It’s not just rising sea temperatures we should be worried about. A growing body of scientists is urging the world to turn its attention to the destructive phenomenon of ocean acidification. If you like shellfish, you might want to tune in now.
Hundreds of international scientists are gathering in Hobart this week for the 4th International Symposium on the Ocean in a High-CO2 World to discuss the impact of ocean acidification on the health of global marine ecosystems and associated seafood economy.
Ocean acidification occurs when increased levels of atmospheric carbon dioxide are absorbed by the world’s oceans. While it slightly softens the blow of global warming, it means there is more CO2 available to react with the seawater and reduce its pH levels, making it more acidic.
Amongst other effects, this has the potential to decimate shellfish species. The acidic environment makes it harder for organisms to grow and maintain their calcium carbonate shells.
“There are some places where we’re starting to see the effects of ocean acidification 50 to 100 years earlier than what we’d see in the rest of the world,” symposium co-convenor and senior researcher from the CSIRO’s Oceans and Atmosphere division Dr Andrew Lenton told SBS Science.
Ecosystem could fall out of balance
“We know that oysters and shellfish have harder times maintaining their skeletons as the pH of the water drops,” co-convenor Associate Professor Catriona Hurd from the University of Tasmania told SBS Science. “So it’s projected to be a problem for the oyster industry or shellfish industries in Australia.”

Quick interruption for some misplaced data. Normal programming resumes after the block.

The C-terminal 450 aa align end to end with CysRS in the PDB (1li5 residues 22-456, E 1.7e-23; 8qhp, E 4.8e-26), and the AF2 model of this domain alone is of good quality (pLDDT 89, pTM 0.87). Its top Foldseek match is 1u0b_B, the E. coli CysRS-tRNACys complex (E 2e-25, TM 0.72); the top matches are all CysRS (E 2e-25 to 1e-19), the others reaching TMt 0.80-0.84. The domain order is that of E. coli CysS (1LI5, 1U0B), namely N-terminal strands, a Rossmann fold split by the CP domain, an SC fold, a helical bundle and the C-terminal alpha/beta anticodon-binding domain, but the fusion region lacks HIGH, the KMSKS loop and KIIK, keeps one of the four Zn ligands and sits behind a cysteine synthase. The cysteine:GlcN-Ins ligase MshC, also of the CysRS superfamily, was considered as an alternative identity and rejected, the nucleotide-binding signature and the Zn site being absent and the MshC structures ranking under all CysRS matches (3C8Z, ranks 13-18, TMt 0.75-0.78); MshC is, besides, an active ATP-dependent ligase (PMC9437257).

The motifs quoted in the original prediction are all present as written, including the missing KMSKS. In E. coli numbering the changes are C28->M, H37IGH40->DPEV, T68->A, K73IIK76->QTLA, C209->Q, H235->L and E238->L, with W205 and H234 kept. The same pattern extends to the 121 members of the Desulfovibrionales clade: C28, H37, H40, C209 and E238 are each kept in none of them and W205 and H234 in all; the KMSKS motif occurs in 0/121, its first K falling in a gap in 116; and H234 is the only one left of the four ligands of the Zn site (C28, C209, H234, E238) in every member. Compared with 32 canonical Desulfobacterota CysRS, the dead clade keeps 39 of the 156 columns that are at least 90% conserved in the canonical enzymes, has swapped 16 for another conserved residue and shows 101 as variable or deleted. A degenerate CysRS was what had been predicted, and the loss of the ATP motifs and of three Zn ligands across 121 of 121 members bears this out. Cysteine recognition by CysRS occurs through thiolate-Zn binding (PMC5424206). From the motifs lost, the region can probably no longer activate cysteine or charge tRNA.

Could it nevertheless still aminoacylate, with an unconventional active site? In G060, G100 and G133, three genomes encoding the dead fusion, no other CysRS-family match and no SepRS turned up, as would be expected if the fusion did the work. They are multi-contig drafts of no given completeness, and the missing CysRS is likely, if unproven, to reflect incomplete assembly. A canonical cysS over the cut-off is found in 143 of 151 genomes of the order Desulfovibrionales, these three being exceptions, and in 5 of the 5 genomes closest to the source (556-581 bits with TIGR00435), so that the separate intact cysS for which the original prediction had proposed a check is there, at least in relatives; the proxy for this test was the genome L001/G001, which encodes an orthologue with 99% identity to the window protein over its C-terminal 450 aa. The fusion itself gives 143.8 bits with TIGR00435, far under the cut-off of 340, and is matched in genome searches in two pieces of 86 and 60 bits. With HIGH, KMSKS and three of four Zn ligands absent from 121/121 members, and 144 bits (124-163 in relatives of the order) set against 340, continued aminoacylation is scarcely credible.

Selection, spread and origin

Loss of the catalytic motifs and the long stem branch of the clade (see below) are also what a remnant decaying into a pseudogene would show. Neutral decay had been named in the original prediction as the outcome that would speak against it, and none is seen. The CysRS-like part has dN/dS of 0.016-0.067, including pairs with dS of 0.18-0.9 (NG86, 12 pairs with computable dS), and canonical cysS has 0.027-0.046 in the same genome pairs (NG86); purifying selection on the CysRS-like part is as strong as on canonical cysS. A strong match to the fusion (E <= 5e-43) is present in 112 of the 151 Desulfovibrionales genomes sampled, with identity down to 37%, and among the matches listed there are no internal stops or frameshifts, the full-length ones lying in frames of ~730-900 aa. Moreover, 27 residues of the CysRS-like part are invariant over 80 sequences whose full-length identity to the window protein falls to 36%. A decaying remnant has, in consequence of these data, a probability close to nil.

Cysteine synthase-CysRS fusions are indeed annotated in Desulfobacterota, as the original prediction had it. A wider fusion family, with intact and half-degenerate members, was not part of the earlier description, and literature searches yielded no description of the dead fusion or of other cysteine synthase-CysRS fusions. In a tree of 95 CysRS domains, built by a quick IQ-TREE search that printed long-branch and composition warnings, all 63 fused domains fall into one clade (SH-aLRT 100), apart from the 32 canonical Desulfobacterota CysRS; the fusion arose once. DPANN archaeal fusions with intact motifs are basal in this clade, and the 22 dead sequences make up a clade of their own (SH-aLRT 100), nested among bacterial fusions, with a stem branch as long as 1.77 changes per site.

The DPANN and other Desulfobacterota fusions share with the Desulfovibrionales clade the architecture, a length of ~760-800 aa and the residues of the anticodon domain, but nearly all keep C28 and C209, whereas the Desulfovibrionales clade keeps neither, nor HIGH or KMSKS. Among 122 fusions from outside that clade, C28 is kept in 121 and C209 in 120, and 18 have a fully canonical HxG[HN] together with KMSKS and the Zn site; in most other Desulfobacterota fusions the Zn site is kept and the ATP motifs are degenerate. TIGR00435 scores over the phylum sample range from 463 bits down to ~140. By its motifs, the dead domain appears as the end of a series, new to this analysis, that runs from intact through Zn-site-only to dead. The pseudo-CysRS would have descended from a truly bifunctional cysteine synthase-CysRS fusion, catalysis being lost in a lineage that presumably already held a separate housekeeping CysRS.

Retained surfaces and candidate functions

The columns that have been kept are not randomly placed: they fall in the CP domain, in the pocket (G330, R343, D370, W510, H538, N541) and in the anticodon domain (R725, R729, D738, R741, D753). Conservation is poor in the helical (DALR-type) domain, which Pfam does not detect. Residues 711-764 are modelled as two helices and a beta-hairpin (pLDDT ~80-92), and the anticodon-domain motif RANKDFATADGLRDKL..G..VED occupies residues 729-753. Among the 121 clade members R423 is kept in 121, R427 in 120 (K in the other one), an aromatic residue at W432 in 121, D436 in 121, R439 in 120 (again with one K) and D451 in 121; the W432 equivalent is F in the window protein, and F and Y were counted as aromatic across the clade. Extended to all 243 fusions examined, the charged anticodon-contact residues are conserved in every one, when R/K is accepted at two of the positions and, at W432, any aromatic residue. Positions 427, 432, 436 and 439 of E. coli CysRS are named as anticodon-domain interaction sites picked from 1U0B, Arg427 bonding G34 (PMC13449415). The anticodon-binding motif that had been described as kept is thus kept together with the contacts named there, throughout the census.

“If we start to lose them, then they’re going to be replaced by something else, and what they’ll probably be replaced by are organisms that don’t calcify – fleshy seaweeds, for example.”
Such is the threat to the industry that a number of studies are now focusing on selectively breeding oyster species to find ones that are more resistant to ocean acidification and better able to maintain their shells.
The shells are vital for the survival of the organisms – they control oysters’ ability to vertically navigate in the water and survive attacks from predators.
Dr Richard Feely, from the US National Oceanic and Atmospheric Administration, says that we can expect to see around 70% of shellfish species experiencing severe shell dissolution by as early as 2050.
This will be a result of both general ocean acidification and localised ocean acidification, where anthropogenic CO2 from the atmosphere combines with upwelling from the CO2 released from ocean plants and animals.
According to Feely, extreme localised ocean acidification has the potential to wipe out entire industries in certain regions, such as along the US west coast.
“We had one year in 2007 where every single spawning group died out,” says Feely. “You spawn the oyster larvae and they have about two weeks to form a very early shell and they have to form that shell and develop that.”
“If they cannot form the shell they will simply die, and that’s what was happening in the tanks in the hatcheries themselves.
“They would have about 20 to 40 million oyster larvae swimming in the tank and when the pH was low enough they couldn’t produce their shell and die within two days.”
Alarm gripped oyster farmers in the US and they reached out to the government and scientific community for help – Feely says that a US$500,000 investment to install pH and CO2 sensors in the hatcheries has saved the industry around US$35 million.
“In the United States alone, the seafood industry is a US$35 billion a year industry and about half of that is shellfish, so for us it’s a major issue from an economic perspective,” says Feely.